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Rev Sci Tech. 2000 Apr;19(1):136-50.

Cat-scratch disease.

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Department of Population Health and Reproduction, School of Veterinary Medicine, University of California, Davis, CA 95616, USA.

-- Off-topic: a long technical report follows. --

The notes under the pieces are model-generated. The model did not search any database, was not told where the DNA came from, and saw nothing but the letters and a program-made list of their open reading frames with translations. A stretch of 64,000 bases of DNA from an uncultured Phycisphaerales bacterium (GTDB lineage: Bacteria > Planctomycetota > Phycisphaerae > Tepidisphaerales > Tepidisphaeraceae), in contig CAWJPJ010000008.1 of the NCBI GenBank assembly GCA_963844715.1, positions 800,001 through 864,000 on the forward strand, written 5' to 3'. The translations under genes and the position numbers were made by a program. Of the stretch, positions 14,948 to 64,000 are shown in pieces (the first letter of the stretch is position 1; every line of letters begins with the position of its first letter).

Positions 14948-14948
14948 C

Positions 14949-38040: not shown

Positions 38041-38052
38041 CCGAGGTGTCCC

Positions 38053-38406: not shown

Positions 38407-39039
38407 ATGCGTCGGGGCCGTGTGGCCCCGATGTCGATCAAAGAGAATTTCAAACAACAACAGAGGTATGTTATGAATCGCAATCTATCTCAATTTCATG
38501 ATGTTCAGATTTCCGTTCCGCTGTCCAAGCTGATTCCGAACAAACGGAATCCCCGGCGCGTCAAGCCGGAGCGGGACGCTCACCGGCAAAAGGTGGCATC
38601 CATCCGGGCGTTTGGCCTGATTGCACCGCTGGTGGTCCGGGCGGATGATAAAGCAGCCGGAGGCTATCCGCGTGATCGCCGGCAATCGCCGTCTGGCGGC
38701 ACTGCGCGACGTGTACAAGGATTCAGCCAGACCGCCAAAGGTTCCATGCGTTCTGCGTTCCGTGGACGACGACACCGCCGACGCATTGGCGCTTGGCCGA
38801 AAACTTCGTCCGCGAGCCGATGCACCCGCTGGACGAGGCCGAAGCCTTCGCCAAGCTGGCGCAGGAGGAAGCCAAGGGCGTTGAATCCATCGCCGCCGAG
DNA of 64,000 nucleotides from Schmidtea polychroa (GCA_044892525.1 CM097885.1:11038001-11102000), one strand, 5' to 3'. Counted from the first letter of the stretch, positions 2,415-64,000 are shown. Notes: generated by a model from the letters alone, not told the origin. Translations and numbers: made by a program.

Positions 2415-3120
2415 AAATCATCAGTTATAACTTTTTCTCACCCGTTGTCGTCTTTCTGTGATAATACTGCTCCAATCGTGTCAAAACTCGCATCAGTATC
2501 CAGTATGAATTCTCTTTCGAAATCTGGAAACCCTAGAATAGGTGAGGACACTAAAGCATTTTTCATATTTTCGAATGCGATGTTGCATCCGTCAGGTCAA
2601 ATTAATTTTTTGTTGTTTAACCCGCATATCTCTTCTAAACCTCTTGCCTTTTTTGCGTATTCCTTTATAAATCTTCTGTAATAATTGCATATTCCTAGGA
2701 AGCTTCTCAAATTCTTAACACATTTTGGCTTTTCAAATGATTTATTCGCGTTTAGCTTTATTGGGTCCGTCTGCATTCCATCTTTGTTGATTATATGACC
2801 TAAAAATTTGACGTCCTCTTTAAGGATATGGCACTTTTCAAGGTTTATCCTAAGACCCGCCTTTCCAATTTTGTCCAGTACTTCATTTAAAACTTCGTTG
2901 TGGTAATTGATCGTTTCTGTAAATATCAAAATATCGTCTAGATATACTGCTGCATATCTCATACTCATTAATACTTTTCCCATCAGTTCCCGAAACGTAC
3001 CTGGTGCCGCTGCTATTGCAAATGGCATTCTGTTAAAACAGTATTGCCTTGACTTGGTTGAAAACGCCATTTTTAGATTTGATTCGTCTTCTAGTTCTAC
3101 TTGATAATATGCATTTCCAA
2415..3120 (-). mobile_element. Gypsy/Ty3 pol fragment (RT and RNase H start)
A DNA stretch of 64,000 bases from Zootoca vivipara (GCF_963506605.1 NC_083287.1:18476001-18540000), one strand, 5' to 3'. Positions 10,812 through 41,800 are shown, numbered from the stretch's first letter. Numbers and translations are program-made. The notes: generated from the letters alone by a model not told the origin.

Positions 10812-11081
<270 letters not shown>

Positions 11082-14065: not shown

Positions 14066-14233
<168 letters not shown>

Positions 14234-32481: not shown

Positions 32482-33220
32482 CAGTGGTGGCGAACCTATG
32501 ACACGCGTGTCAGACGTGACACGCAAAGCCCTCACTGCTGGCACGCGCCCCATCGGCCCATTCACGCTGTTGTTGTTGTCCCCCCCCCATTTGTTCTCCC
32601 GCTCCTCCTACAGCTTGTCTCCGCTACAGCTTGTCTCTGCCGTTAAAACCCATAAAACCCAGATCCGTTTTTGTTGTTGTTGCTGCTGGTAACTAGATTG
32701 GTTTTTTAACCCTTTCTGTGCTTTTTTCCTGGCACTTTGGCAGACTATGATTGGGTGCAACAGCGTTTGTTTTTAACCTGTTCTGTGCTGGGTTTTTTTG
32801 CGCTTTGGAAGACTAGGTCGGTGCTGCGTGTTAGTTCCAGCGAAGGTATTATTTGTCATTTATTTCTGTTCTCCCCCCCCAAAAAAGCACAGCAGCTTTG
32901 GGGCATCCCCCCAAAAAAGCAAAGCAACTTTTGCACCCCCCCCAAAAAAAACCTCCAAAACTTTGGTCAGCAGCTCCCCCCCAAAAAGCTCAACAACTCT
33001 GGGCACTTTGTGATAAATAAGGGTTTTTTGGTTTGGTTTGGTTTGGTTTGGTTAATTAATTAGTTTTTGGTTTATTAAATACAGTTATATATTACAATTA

Cat-scratch disease (CSD) was first described by Debré in 1950, yet the causative bacterial agent of CSD remained obscure until 1992, when Bartonella (formerly Rochalimaea) henselae was implicated in CSD by serological and microbiologic studies. Bartonella henselae had initially been linked to bacillary angiomatosis (BA), a vascular proliferative disease most commonly associated with long-standing human immunodeficiency virus infection or other significant immunosuppression. Bartonella henselae has also been associated with bacillary peliosis, relapsing bacteraemia and endocarditis in humans. Cats are healthy carriers of B. henselae, and can be bacteraemic for months or years. Cat-to-cat transmission of the organism by the cat flea, with no direct contact transmission, has been demonstrated. Two new Bartonella species have been identified in the cat reservoir, namely: B. clarridgeiae and B. koehlerae. The role of these species in the aetiology of CSD still needs to be confirmed by isolation or DNA identification from lesions in humans. The author discusses the present state of knowledge on the aetiology, clinical features and epidemiological characteristics of CSD/BA, in addition to diagnosis, treatment and prevention.

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